This is a disposable pump for people with type 2 diabetes. It also has a closed-loop version under development to follow. That version features an embedded algorithm that requires Embecta to run a clinical study.

Henry Anhalt, chief medical officer, says nine out of 10 people with diabetes live with type 2 diabetes. However, Anhalt says the majority of automated insulin delivery systems cater to those with type 1 diabetes. Embecta aims to offer more options and tools to the broader diabetes care community, he says.


Embecta submits insulin patch pump for FDA clearance


Update on insulin prices.. as a few prices changes went into affect at the beginning of the year. So, what took effect this month was that Sanofi followed suit with Eli Lilly and Novo Nordisk to implement this cap on insulin co-pays at $35 that took effect January 1.

And that comes after the provisions of the Inflation Reduction Act capped insulin for people on Medicare at $35. The Medicare cap is automatic and part of policy. For everyone with commercial insurance, the cap is voluntary from the companies. For those without government or private insurance, the picture is more complicated. If your insulin is still more than $35 per month, ask your pharmacist for coupons or check out getinsulin dot org.










Young adults who reported higher stress during their teenage years to adulthood were more likely to have high blood pressure, obesity and other cardiometabolic risk factors than their peers who reported less stress, according to new research published today in the Journal of the American Heart Association, an open access, peer-reviewed journal of the American Heart Association.

Cardiometabolic risk factors often occur together and are a significant cause of cardiovascular disease. These include obesity, Type 2 diabetes or prediabetes, high cholesterol and high blood pressure, researchers noted.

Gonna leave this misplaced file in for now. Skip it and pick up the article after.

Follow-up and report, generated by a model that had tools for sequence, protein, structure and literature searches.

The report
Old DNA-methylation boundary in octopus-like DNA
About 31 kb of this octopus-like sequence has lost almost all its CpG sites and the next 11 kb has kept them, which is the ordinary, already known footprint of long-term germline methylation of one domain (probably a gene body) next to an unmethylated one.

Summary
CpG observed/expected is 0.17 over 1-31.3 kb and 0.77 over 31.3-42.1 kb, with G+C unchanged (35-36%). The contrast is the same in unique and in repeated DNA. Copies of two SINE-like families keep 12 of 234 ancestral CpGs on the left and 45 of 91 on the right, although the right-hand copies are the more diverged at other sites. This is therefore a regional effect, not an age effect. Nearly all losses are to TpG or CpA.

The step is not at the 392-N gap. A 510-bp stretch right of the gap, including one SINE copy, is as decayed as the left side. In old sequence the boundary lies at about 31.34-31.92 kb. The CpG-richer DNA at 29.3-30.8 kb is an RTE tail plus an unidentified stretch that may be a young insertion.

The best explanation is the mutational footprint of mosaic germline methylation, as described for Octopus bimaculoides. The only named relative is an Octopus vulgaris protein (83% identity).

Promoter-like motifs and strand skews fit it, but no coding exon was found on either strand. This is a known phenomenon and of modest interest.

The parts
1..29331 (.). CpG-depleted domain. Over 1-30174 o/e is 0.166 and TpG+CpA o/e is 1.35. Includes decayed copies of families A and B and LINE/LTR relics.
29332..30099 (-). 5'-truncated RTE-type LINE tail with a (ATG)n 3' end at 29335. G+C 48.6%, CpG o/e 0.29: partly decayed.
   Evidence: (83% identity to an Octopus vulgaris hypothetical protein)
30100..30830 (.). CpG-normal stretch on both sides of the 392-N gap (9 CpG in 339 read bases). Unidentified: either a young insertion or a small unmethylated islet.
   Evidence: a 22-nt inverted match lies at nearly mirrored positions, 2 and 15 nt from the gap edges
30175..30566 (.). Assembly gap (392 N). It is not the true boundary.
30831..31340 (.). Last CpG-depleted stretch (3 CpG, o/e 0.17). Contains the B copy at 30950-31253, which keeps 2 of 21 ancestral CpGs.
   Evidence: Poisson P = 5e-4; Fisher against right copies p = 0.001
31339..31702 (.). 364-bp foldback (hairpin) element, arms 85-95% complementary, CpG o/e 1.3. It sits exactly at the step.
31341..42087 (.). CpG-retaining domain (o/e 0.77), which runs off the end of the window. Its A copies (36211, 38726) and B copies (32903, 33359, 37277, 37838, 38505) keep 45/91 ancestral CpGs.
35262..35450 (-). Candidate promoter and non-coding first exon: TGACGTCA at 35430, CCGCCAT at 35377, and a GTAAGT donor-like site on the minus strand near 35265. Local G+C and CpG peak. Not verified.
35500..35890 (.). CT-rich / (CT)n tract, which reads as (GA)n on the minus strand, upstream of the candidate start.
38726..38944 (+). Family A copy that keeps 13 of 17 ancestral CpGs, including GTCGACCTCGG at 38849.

In 2020, cardiometabolic diseases, including cardiovascular diseases and Type 2 diabetes, were the most prevalent chronic health conditions and collectively accounted for nearly a quarter of all deaths in the U.S., according to the American Heart Association statistics. In 2023, the American Heart Association noted the strong connections among cardiovascular disease, kidney disease, Type 2 diabetes and obesity, and suggested redefining cardiovascular risk, prevention and management.




Shout out to NBC News for a great story they did recently on LADA – featuring two women who have both been on this podcast. Dr. Phyllisa DeRoze and Mila Clark were both first misdiagnosed with type 2 before they got a correct diagnosis of LADA. I’ll link up the NBC story along with our chats with both women.. thanks to Mila for giving me a mention as one of the voices in the diabetes community who made her think was she had might not be type 2.. but could be LADA.